The rules have limits, and competitions have rules. Imagination doesn’t have limits.

The artist creates new rules. He breaks the rules while at the same time following them. He has mastered his artform. He is a master.

He is his art.

It’s impossible to compete in art. You can compete, of course, but then it’s not art anymore. It’s just… painting. To regular people it might look like art. But in the eye of an artist, it is not art. It is simply skilled painting. The same applies to making sculptures or… doing physical moves. Like dancing, figure skating, gymnastics…

Like Karate.

Competing in anything is hard, and if you are an athlete, no matter what sport, you deserve respect for diligently honing your skills, training hard day after day. It’s certainly not everyone can do.

But no matter how beautiful the sport is, it’s not an art. Then how do you know if something is an art?

Just ask yourself this:

  • Are you more concerned with mastering others, or mastering yourself?
  • Are you more concerned with the product or the process?
  • Do you think victory defined excellence, or does excellence define victory?

I think Karate-jutsu is great. Because “jutsu” translates to “practical art”.

Isn’t that perfect?

7 Comments

  • Allan
    Interesting post - have you never heard of art competitions, like Australia's Archibald prize for portraiture? I bet the artists who submit their paintings for judging are pretty serious about calling what they do as art.What about dance competitions? Isn't dancing considered one of the "Arts"?I would argue that there is quite a bit of art in Karate competition -the problem is, and maybe this is where you were headed - is it is not martial art, it's performance art, and there is a very big difference of course.You also make a point about competition being about raw skill - there is no such thing in typical WKF style competition, take kata competition: whose kata was better - it's a matter of opinion (informed opinion based on some arbitrary criteria - yes, but opinion nonetheless), what about kumite - take the gloves off and actually hit each other then you'll get closer to fact, otherwise scoring will be based on opinion, not all that different to art competition after all eh?You talk about imagination having no limits, but also in previous post you complain about the variations in what is correct technique - so in Karate, if we are bound by correctness of technique are we no longer practicing an art form?I actually agree with where you were headed, but we must be careful about the analogies we draw as Karatekacheers Al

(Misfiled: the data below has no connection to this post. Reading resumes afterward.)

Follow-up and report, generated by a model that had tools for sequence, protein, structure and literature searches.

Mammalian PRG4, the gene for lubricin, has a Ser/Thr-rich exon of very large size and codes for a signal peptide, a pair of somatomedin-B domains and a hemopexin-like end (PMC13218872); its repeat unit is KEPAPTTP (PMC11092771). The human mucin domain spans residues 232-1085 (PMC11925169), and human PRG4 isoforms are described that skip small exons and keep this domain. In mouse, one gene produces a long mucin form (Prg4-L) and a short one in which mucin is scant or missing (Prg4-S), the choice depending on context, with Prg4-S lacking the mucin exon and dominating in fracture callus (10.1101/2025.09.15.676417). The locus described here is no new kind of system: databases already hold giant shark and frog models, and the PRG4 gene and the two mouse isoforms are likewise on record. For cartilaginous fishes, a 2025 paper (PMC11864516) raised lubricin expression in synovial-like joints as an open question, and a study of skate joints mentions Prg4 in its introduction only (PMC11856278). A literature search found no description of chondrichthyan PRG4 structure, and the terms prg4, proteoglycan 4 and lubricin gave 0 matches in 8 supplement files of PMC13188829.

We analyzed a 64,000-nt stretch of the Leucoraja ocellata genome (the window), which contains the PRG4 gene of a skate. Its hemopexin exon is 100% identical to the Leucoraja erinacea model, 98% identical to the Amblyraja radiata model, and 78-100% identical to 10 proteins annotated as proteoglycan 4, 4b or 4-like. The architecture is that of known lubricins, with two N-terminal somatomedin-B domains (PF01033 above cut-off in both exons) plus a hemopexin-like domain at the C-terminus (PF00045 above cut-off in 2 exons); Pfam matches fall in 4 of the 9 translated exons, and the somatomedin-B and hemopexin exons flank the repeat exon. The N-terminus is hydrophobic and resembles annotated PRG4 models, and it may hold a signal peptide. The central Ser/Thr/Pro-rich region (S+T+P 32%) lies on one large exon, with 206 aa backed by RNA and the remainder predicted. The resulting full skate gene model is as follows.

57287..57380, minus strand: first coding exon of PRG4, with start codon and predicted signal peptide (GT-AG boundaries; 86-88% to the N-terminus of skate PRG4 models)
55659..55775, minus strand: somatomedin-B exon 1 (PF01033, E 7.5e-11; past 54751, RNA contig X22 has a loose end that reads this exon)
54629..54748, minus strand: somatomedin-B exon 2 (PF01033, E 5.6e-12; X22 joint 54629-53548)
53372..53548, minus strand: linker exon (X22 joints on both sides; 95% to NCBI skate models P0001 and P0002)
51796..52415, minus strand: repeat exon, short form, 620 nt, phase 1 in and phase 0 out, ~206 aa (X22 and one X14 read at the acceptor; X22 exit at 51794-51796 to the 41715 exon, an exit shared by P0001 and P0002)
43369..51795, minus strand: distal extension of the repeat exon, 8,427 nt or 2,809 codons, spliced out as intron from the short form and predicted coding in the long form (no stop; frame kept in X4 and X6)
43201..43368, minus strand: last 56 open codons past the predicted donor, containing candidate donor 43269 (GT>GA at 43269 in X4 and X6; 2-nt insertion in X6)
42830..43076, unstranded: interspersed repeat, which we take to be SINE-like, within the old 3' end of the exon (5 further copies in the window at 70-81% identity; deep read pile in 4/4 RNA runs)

• CrazyJoe
    Well, good point. But one of the most beautiful things in Karate is that you can start as an athlete, and gradually grow into the artist.
  • @AllanIsn't power, speed, strength, balance etc. raw skills? Skills that you can train? That will decide if you win or lose? I think so."You talk about imagination having no limits, but also in previous post you complain about the variations in what is correct technique - so in Karate, if we are bound by correctness of technique are we no longer practicing an art form?"Well, of course, from the beginning you need to learn rules and guidelines of correct techniques. At that point it's not art, I believe. Later, it can transform into an artform.Shu, Ha, Ri.
  • Elcorin
    Hello, Super post, Need to mark it on DiggThanks Elcorin
  • Allan